Tuesday, June 15, 2010

My Life With Comic Books: Part # 111


The current cast of characters:
Paul Howley: age 41
Mal Howley: my wife
Adam Howley: my son, age 17
Cassy Howley: my daughter, age 12

MY LIFE WITH COMIC BOOKS: THE HISTORY OF A COMIC SHOP-Part 111

For Thanksgiving of 1996, we decided to travel to New York City to watch the 70th Annual Macy’s Day Parade, in person. Cassy had never been to see the parade and although we had taken Adam there when he was a toddler, he didn’t really remember much about it. It was a tradition for our family to watch the parade on television each Thanksgiving but this would be so much more fun. Traveling became easier and more pleasant as our kids got older.

Elsa, our travel agent, booked us into a hotel that was very close to the parade route and it was an easy walk to Broadway and Times Square. As usual, the prices in New York City are outrageous and this was one of the most expensive hotel rooms I’d ever had but it would be worth the expense to enjoy some fun “family time.” Often, we would encourage our kids to each invite a friend to come with us on our trips but at this stage in his life, Adam was really only interested in bringing his “girlfriend” Meridith as his guest. Mal and I both liked Meridith but we knew that if Adam had his girlfriend with him he’d ignore the rest of us. Her presence would significantly change the dynamics of our family trip so we decided to just go as a family with no “extra” people.

We drove our mini-van the five hours to New York City and Cassy was surprised to see how run-down the city appeared. She was a bit frightened by big cities at that time while Adam loved the excitement and opportunities that big cities offered. Adam frequently ventured into Boston to explore the city with Meridith and his best “guy” friend from high school, Phil Doreau. The aggressive drivers or the poorly designed roads of Boston didn’t intimidate Adam even though he was an inexperienced driver.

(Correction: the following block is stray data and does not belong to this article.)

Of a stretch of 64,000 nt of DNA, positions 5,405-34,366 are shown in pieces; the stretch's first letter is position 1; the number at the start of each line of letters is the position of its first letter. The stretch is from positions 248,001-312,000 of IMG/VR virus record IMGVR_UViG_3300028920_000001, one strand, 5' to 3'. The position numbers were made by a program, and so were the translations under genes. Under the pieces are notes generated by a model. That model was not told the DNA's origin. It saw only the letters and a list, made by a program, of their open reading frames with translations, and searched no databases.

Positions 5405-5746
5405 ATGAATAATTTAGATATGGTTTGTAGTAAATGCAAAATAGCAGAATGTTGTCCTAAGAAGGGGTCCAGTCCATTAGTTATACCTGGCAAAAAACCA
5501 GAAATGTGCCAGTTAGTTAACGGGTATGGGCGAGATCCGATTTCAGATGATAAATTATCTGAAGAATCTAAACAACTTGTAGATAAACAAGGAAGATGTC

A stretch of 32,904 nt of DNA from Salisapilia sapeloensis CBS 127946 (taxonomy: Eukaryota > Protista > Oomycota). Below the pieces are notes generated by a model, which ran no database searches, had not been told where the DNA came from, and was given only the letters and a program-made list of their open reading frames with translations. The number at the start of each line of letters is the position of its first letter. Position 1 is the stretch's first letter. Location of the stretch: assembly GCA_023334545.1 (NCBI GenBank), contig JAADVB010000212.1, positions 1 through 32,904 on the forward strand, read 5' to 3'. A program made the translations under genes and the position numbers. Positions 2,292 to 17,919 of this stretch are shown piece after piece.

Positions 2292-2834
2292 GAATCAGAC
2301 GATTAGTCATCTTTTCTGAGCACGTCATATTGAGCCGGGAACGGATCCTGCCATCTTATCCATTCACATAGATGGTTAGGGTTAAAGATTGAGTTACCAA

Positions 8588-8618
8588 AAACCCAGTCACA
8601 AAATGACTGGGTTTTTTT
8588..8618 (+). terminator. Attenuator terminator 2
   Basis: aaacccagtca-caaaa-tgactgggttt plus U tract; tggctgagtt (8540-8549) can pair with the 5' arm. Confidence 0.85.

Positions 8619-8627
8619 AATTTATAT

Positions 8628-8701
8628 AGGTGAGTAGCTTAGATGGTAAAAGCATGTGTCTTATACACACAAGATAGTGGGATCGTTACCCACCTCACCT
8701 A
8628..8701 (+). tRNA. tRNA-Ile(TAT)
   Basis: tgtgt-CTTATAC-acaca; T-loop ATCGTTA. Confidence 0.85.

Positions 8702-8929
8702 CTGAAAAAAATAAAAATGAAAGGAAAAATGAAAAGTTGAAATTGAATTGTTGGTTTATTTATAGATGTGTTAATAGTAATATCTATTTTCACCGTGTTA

After we checked into our hotel room we walked to the discount ticket center to see which plays were playing on Broadway. Adam wanted to see something new and “edgy” since he had become sort of a “Broadway Snob.” He looked down on almost any play that was commercially successful. Originally, Adam was willing to work as an actor in film and television if the opportunity came up but since he fell in love with Meridith he had pretty much given up on any type of acting other than live theater. I used to explain to Adam that I believed that there needed to be a combination of business and art in order for the artist to effectively reach an audience with his work. Adam would reluctantly agree with me. On this day however, he had no choice since I was paying for the tickets. We eventually chose the revival of “Show Boat.”

The play was great (even Adam liked it) but I was mostly impressed with the gorgeous scenery and the ease with which each scene change was accomplished.

We got up early the next day to get a “prime” spot to watch the Macy’s Day Parade. We were stunned to feel the bitter cold wind whipping through the streets of Manhattan. The temperature was a record 21 degrees and we were freezing cold for almost two hours while we were waiting for the parade to begin. By the time the parade actually started, the sidewalks and side streets were jammed with thousands of people. We watched colorful floats, marching bands, and the helium-filled giant balloon figures of Underdog, Bullwinkle, The Pink Panther, and many more. But the most memorable part for my kids was the float with people throwing packages of a new product by “Ocean Spray” called “Craisins,” which were sweetened dried cranberries. We must have eaten a few dozen packages of them! For many years, I intended to try giving away free comic books from a float in Worcester’s huge Saint Patrick’s Day Parade but it seems to slip my mind every year.

About an hour after the parade started, our feet, hands and faces became almost numb with cold, so we went back to our nice, warm hotel room to watch the rest of it on television.

Monday, June 14, 2010

My Life With Comic Books: Part # 110


The current cast of characters:
Paul Howley: age 41
Mal Howley: my wife
Adam Howley: my son, age 17